At the top of the Bejamin Franklin Parkway, across from the Art Museum (yes, THAT Art Museum, the one where Rocky climbed the famous stairs) is a beautiful fountain. Four large sculptures blow out water into the fountain while smaller animal sculptures blow water as well. I had seen this fountain from afar, but never close up before. If you look closely at the green statue on the left, you can see the Art Museum in the background.

Suburban Station is an underground rail station that is part of Philadelphia's SEPTA rail system. Opened on September 28, 1930, it was a stub-end station replacing the above ground Broad Street Line. Almost all trains make a stop at this station, which was recently renovated in 2007. The architecture of the building really drew me in, as it is so classic of art deco design.

I am addicted to beautiful doors. I really believe a gorgeous door says a lot about a building. I was addicted when we were in Europe to taking door photographs. When we walked by a church in Center City Philadelphia and saw these doors I stopped mid-step to get an image. Oh what I wouldn't give to photograph a couple in front of them!

Philadelphia City Hall at night

This past weekend, hubby and I ventured to Philadelphia for the Philadelphia Marathon and Half Marathon.  This is the second year the hubby has run the half marathon, which is awesome in my opinion.  I took the camera along for some photo fun and had a good time playing with locations and time of day shots.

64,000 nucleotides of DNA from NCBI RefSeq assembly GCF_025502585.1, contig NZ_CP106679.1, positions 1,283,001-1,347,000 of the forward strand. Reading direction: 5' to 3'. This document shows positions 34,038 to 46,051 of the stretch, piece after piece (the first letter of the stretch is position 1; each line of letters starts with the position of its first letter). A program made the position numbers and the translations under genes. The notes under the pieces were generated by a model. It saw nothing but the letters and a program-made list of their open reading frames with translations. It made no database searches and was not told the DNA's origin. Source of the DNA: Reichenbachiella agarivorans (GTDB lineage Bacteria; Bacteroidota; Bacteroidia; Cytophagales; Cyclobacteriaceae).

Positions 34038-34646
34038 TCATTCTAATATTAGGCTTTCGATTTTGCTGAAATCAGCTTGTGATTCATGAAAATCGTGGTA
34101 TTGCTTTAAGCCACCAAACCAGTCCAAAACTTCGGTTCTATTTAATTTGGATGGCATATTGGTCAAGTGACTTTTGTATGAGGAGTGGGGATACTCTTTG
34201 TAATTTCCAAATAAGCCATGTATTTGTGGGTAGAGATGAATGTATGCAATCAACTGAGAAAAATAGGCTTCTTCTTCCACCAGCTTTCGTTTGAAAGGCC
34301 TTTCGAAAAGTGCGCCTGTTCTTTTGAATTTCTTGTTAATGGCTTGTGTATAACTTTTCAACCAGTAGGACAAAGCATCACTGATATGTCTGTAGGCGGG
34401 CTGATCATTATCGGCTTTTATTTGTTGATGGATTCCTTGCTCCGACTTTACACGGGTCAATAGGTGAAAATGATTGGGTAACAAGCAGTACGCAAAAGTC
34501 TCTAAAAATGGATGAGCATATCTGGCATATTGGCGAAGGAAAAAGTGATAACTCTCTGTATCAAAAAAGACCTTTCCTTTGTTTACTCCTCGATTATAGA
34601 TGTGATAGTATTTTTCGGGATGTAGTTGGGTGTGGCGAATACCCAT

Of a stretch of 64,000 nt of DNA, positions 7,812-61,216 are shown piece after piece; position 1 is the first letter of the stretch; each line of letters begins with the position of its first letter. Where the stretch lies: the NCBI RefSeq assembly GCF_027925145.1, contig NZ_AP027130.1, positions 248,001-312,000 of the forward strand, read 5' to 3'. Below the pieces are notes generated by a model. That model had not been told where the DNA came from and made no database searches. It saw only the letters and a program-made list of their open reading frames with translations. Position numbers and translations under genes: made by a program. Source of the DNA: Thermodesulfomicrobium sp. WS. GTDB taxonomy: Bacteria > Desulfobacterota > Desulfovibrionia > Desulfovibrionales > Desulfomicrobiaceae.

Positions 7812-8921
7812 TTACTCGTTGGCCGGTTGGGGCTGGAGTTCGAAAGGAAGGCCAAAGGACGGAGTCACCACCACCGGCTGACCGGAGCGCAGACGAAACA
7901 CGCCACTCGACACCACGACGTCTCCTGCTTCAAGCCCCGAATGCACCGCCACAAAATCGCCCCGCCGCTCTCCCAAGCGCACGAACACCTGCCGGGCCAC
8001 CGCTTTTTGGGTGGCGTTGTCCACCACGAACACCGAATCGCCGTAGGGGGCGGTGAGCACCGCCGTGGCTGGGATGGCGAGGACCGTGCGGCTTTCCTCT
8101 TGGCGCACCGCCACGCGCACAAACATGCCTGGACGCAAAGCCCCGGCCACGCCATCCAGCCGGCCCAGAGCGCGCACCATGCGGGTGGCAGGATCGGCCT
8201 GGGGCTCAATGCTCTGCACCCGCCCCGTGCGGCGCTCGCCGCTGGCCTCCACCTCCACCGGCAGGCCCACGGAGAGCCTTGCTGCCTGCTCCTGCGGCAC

Philadelphia City Hall to me is a beautiful old building.  It was built from 1871 to 1901, with the goal of being the tallest building in the world.  By the time it was finished, sadly it was surpassed by the Eiffel Tower (Paris) and the Washington Monument (Washington, D.C.), though it did carry the distinction of being the tallest building in Pennsylvania and the tallest inhabitable building.  Until 1987, it was the tallest building in Philadelphia, until One Liberty Center was built, breaking the “gentleman’s agreement” that no building in Philadelphia would be taller than William Penn’s hat.  Rumor has it that after One Liberty Center was built, William Penn became so angry he cursed all the Philly sports to not win a championship.   Twenty-five years later this was broken (2008) when the Philadelphia Phillies won the World Series.  After they won, construction workers on a new high rise building took photographs of a small statue of William Penn they soldered to the tallest part of the building, once again allowing William Penn the tallest location in the City.